Stack Overflow is a community of 4.7 million programmers, just like you, helping each other.

Join them; it only takes a minute:

Sign up
Join the Stack Overflow community to:
  1. Ask programming questions
  2. Answer and help your peers
  3. Get recognized for your expertise

'Length' of a path is the number of edges in the path.

Given a source and a destination vertex, I want to find the number of paths form the source vertex to the destination vertex of given length k.

  • We can visit each vertex as many times as we want, so if a path from a to be goes like this: a -> c -> b -> c -> b it is considered valid. This means there can be cycles and we can go through the destination more than once.

  • Two vertices can be connected by more than one edge. So if vertex a an vertex b are connected by two edges, then the paths , a -> b via edge 1 and a -> b via edge 2 are considered different.

  • Number of vertices N is <= 70, and K, the length of the path, is <= 10^9.

  • As the answer can be very large, it is to be reported modulo sum number.

Here is what I have thought so far:

We can use breadth-first-search without marking any vertices as visited, at each iteration, we keep track of the number of edges 'n_e' we required for that path and product 'p' of the number of duplicate edges each edge in our path has.

The search search should terminate if the n_e is greater than k, if we ever reach the destination with n_eequal to k, we terminate the search and add p to out count of number of paths.

I think it we could use a depth-first-search instead of breadth first search, as we do not need the shortest path and the size of Q used in breadth first search might not be enough.

The second algorithm i have am thinking about, is something similar to Floyd Warshall's Algorithm using this approach . Only we dont need a shortest path, so i am not sure this is correct.

The problem I have with my first algorithm is that 'K' can be upto 1000000000 and that means my search will run until it has 10^9 edges and n_e the edge count will be incremented by just 1 at each level, which will be very slow, and I am not sure it will ever terminate for large inputs.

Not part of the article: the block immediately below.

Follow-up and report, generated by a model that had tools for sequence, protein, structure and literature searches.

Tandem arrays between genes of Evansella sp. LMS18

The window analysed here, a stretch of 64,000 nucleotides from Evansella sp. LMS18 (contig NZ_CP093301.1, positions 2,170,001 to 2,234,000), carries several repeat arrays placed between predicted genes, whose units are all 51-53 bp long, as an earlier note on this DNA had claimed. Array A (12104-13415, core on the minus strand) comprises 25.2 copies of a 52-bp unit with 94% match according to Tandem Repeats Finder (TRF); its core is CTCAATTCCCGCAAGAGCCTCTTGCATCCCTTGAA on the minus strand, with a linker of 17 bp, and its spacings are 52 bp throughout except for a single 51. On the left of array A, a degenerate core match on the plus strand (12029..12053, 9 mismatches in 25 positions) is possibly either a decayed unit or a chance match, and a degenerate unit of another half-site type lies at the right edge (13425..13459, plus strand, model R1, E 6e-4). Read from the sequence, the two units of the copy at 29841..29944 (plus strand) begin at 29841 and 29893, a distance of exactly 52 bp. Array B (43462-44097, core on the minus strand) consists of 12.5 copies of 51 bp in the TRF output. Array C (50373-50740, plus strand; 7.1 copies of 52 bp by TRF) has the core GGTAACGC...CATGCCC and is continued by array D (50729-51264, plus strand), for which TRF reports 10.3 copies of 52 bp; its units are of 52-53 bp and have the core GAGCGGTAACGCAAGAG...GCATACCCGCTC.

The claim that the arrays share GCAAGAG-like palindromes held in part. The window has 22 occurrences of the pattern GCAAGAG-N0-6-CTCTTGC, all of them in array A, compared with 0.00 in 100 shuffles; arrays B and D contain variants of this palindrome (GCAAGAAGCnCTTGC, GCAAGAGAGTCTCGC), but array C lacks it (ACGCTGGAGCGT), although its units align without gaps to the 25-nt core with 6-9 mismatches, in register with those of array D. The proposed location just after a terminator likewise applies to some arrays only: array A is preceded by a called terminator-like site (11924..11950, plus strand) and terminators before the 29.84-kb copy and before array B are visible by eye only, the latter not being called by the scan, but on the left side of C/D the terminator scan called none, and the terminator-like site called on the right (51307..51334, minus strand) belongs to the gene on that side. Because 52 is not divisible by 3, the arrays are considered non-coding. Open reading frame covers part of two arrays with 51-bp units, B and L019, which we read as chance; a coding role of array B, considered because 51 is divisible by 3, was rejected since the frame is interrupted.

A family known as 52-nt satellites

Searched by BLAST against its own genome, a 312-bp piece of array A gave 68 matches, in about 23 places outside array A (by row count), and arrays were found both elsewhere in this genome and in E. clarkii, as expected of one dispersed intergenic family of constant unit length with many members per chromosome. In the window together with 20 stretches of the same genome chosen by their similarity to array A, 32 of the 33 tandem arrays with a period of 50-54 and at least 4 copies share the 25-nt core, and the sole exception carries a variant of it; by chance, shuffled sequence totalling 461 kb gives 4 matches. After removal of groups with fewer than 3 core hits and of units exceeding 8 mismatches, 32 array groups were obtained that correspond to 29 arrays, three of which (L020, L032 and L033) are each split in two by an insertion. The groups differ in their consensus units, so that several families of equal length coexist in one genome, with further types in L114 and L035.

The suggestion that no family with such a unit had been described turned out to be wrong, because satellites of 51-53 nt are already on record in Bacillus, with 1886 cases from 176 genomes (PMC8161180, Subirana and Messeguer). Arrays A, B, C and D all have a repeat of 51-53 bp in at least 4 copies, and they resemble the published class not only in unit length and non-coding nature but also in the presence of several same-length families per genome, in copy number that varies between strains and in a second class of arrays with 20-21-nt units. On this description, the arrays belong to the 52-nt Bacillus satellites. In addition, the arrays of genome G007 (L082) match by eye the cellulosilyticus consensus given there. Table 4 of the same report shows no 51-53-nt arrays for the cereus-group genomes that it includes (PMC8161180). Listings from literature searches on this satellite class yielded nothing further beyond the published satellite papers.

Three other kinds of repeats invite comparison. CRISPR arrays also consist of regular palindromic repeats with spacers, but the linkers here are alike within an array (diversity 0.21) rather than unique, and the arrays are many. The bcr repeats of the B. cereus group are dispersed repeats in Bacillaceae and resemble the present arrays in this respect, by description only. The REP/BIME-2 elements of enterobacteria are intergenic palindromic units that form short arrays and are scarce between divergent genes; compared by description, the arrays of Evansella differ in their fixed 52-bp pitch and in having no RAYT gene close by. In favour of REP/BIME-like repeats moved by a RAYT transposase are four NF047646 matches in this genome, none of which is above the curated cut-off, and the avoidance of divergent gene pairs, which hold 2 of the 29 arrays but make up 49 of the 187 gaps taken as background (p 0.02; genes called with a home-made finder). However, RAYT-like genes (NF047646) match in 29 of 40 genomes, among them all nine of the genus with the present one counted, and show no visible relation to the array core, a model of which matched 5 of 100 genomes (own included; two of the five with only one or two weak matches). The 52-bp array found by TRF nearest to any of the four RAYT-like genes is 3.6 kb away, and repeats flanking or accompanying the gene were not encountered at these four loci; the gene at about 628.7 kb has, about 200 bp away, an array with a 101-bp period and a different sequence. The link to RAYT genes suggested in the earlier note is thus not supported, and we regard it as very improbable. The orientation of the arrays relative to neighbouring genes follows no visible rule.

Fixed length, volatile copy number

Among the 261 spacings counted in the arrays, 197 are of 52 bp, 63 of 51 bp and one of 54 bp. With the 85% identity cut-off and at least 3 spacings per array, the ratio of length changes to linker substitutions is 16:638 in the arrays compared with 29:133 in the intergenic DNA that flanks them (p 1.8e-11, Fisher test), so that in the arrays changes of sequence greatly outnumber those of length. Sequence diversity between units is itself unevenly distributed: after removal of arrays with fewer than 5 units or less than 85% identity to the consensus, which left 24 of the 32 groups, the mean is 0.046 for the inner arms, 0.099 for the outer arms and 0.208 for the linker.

So I need a different approach to solve this problem, and any help would be greatly appreciated.

share|improve this question
    
Do all of the edges have weight 1? – Dennis Meng Jan 11 '13 at 5:45
    
@DennisMeng Yes, its an unweighted graph, i'll add it in the question – 2147483647 Jan 11 '13 at 5:48
up vote 13 down vote accepted

So, here's a nifty graph theory trick that I remember for this one.

Make an adjacency matrix A. where A[i][j] is 1 if there is an edge between i and j, and 0 otherwise.

Then, the number of paths of length k between i and j is just the [i][j] entry of A^k.

So, to solve the problem, build A and construct A^k using matrix multiplication (the usual trick for doing exponentiation applies here). Then just look up the necessary entry.

EDIT: Well, you need to do the modular arithmetic inside the matrix multiplication to avoid overflow issues, but that's a much smaller detail.

share|improve this answer
    
+1 Beautiful solution. – templatetypedef Jan 11 '13 at 5:55
    
"Then, the number of paths of length k between i and j is just the [i][j] entry of A^k." As every entry will be either 1 or 0, the number of paths will be either 0 or k? – 2147483647 Jan 11 '13 at 5:58
    
No. You can do a quick induction proof to show correctness if you'd like, but A^k will not have only 0s and ks. – Dennis Meng Jan 11 '13 at 6:00
    
"A[i][j] is 1 if there is an edge between i and j, and 0 otherwise." you said that yourself – 2147483647 Jan 11 '13 at 6:01
2  
well, allocate more matrices via self-multiplication, say A0=A, A1=A0*A0, A2=A1*A1, etc, you'll end up only needing to multiply at most 2*ceil(log2(K)) times. – Vesper Jan 11 '13 at 7:40

Actually the [i][j] entry of A^k shows the total different "walk", not "path", in each simple graph. We can easily prove it by "mathematical induction". However, the major question is to find total different "path" in a given graph. We there are a quite bit of different algorithm to solve, but the upper band is as follow:

(n-2)(n-3)...(n-k) which "k" is the given parameter stating length of path.

share|improve this answer

Your Answer

 
discard

By posting your answer, you agree to the privacy policy and terms of service.

Not the answer you're looking for? Browse other questions tagged or ask your own question.